DC&SDC: Gates to be installed at Galliagh and Carnhill
Plans to instal security gates at laneways close to houses in the Galliagh and Carnhill areas of Derry have been welcomed by Members of Derry and Strabane Health and Community Committee.
The two gating orders, which will be used to close off laneways close to numbers 116 to 132 in Galliagh Park and numbers 224 to 259 in Carnhill, were introduced to address residents’ concerns about anti-social and risk-taking behaviour in the vicinity.
The report brought in front of committee explained that ‘the Department for Infrastructure has advised that it has no objections to the erection of gates as long as the gates are opened at 8.00am each working morning to provide access to utility services.’
SDLP Councillor Rory Farrell described it as ‘brilliant news for the residents’.
He said: “These gates are going to make a noticeable difference to the anti-community activity and the people in the vicinity can lead peaceful, calm and nuisance-free lives when the gates are erected.
“It’s a brilliant example of partnership working in Ballyarnett through the Community Safety team and I would like to thank the PCSP and the Housing Executive for their input. I am happy to propose.”
Responding to Councillor Farrell’s question of ‘how soon will the gates be installed?’ Head of Community and Leisure Barry O’Hagan said: “The local Policing and Community Safety Partnership would proceed with the installation as quickly as possible and we will try and progress this within a matter of months.”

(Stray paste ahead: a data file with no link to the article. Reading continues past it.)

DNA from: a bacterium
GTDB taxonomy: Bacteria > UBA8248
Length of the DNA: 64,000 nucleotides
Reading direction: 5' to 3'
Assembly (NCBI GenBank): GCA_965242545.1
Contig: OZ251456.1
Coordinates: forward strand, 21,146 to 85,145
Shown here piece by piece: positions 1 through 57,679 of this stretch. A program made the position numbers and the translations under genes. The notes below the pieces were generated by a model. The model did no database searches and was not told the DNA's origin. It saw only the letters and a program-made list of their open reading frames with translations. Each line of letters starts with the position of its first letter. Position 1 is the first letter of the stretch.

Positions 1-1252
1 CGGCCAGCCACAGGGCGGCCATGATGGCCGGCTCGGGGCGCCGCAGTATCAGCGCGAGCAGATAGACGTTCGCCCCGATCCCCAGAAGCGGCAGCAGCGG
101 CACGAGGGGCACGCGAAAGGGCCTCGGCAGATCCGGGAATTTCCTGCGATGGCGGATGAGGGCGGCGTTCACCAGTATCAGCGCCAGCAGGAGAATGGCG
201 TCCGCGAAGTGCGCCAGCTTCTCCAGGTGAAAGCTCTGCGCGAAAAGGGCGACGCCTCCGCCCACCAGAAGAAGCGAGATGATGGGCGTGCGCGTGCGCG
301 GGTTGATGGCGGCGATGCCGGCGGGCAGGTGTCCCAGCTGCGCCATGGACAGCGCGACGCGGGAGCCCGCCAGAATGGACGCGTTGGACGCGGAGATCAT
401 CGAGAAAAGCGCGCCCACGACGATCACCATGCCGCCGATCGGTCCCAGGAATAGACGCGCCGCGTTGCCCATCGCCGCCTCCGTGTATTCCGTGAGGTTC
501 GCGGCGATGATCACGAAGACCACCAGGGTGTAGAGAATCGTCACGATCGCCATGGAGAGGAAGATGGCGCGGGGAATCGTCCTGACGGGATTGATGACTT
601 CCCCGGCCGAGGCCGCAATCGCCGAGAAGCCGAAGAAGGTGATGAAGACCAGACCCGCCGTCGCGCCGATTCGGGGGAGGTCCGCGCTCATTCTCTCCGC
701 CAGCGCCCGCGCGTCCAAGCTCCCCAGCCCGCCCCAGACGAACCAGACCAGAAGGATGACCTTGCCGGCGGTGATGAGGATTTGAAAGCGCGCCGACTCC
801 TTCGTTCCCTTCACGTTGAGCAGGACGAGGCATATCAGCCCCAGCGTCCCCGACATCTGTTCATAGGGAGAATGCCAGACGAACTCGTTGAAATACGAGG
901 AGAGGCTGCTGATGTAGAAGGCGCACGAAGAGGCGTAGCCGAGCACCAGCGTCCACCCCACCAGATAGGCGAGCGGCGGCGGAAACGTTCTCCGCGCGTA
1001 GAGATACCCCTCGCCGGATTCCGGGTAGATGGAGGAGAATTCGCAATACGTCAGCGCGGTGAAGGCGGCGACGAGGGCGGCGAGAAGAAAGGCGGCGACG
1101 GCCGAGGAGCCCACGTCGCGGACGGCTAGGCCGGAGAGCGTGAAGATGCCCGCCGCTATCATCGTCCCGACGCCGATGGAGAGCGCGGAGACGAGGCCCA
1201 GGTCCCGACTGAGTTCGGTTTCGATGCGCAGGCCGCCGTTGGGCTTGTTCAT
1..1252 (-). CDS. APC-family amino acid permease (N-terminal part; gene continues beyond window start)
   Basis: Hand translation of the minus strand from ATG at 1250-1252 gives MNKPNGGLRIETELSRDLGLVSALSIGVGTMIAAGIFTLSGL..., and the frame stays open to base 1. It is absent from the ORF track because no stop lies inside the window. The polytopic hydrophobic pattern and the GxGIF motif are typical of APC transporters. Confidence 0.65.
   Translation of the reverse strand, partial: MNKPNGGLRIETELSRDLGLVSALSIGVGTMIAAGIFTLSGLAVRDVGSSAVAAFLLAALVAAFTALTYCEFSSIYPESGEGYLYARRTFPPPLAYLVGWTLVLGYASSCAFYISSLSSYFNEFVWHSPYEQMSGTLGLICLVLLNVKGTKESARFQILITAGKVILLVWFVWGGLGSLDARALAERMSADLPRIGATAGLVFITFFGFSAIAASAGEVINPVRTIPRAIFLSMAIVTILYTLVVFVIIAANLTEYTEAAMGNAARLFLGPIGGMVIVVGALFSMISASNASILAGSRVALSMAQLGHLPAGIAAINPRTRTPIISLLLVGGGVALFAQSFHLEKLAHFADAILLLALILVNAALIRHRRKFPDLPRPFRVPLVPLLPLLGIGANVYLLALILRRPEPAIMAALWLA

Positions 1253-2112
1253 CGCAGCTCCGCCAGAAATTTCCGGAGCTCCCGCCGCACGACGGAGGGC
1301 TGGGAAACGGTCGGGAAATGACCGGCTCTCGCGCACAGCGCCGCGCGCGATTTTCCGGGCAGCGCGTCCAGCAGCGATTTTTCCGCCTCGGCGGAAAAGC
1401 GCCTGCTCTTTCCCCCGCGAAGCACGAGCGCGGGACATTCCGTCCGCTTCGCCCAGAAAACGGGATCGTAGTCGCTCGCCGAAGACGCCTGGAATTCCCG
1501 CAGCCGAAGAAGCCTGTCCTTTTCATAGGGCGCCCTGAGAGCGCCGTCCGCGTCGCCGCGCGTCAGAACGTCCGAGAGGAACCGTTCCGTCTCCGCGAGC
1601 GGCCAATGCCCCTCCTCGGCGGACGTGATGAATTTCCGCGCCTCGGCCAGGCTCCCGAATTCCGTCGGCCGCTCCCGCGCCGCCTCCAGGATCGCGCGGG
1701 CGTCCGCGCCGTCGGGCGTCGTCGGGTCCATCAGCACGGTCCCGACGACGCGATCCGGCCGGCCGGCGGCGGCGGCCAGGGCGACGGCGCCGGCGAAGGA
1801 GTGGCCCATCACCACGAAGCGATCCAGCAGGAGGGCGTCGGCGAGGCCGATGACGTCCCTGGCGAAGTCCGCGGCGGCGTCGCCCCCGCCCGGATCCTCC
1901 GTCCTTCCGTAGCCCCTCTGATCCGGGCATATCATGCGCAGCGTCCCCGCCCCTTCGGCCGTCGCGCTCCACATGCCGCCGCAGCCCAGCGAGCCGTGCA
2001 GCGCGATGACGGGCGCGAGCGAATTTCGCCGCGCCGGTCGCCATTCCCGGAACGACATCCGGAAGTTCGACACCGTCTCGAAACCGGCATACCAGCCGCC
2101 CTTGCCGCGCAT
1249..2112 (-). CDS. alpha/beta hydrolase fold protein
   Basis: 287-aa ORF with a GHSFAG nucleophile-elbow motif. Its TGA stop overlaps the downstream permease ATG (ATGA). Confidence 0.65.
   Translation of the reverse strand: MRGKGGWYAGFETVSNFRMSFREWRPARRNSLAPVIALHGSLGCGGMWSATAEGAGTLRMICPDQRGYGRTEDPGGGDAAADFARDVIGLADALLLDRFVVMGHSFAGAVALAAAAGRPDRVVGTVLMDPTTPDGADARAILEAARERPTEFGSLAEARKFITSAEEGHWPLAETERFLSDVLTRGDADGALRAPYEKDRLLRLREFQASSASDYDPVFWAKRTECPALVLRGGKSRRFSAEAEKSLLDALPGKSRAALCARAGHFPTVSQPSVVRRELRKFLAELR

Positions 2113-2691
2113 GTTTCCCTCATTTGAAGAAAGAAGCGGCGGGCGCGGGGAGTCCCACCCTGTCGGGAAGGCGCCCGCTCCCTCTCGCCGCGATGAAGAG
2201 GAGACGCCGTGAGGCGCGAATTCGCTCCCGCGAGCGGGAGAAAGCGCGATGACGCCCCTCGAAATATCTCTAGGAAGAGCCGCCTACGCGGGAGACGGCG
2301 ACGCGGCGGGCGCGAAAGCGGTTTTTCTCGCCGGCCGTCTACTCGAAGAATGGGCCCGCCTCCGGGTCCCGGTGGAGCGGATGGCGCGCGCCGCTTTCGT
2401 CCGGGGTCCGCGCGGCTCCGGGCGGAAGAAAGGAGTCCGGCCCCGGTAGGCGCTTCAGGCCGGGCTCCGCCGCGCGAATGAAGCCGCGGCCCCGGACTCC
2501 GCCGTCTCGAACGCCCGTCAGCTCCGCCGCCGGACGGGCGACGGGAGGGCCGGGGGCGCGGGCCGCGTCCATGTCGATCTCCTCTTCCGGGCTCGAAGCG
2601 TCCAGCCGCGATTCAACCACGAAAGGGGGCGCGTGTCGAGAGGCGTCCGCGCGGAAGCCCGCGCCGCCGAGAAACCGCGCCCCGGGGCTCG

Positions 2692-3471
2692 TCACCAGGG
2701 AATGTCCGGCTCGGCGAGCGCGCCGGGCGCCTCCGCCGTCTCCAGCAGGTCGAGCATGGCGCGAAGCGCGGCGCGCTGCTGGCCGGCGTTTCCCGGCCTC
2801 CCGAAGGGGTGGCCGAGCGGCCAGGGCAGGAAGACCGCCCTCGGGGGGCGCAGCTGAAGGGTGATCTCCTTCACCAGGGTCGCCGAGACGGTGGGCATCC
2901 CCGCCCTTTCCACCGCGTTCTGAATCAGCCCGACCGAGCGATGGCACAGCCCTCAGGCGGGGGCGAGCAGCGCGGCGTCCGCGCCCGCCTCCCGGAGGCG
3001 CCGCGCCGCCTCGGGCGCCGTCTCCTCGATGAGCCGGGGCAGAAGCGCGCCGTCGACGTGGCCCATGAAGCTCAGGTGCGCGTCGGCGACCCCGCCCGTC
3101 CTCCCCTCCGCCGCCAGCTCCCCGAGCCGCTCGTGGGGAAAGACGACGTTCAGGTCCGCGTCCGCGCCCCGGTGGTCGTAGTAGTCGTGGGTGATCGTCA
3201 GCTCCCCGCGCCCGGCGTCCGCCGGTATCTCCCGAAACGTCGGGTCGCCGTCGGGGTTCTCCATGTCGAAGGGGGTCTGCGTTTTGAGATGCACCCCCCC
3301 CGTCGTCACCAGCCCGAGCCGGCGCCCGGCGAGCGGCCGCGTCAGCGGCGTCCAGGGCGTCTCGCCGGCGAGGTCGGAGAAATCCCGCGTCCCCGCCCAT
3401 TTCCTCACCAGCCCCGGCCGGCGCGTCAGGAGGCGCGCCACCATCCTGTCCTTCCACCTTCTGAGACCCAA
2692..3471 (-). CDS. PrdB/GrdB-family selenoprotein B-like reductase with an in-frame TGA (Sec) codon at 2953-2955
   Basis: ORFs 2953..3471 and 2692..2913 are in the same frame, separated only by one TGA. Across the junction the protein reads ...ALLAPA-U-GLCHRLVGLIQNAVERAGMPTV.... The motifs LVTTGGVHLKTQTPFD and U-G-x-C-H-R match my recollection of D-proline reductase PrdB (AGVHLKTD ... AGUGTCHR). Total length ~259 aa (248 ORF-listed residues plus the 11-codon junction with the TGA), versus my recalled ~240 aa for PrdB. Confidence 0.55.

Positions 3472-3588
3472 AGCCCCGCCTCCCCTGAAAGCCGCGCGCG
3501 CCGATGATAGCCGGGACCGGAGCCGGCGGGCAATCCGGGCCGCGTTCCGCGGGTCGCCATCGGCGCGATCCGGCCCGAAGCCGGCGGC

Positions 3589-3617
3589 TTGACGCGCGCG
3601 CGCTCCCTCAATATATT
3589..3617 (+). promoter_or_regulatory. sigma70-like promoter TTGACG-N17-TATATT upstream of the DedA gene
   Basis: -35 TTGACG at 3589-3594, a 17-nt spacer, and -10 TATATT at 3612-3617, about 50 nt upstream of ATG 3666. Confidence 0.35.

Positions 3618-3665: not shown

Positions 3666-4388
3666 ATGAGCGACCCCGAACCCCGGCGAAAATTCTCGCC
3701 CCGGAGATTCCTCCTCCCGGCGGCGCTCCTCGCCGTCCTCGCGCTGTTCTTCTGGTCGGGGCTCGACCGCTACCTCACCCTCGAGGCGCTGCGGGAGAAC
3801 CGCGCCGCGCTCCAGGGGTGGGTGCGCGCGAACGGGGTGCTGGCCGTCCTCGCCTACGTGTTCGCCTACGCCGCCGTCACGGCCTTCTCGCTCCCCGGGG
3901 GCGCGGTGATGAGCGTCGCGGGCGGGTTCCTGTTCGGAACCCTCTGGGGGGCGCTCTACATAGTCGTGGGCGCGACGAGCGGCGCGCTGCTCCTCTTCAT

Sinn Féin Councillor Sandra Duffy seconded the proposal adding it was ‘great news and a sigh of relief’ for the residents.
Echoing comments from the other councillors, Aontu councillor Emmet Doyle spoke about the number of calls received about the anti-social behaviour adding that the residents will be ‘buzzing when this comes to fruition.’
Saying he ‘didn’t share the enthusiasm’ of the other parties, People Before Profit Shaun Harkin said he was ‘glad’ the residents of the areas were going to get ‘some relief’ with these gates going up.
He added: “This is anti-social behaviour because these are the very areas that haven’t had the amenities, haven’t had the kind of hope that can challenge some of the reasons for anti-social behaviour, that are very high on deprivation lists.
“I’m sorry but gates and more gates isn’t going to solve the problem. It’s actually disappointing that this ends up being the solution and we have to work towards actually seeing there being no gates and that’s the things we have been talking about here in council about how do we address poverty and the legacy of deprivation that create conditions for anti-social behaviour.
“I’m glad the residents are going to get some relief and control but I don’t think this is something we should be celebrating. This is hardly something we can claim as progress for the council.”
Members were unanimous in their support for the approval of the gating orders.
Local Democracy Reporter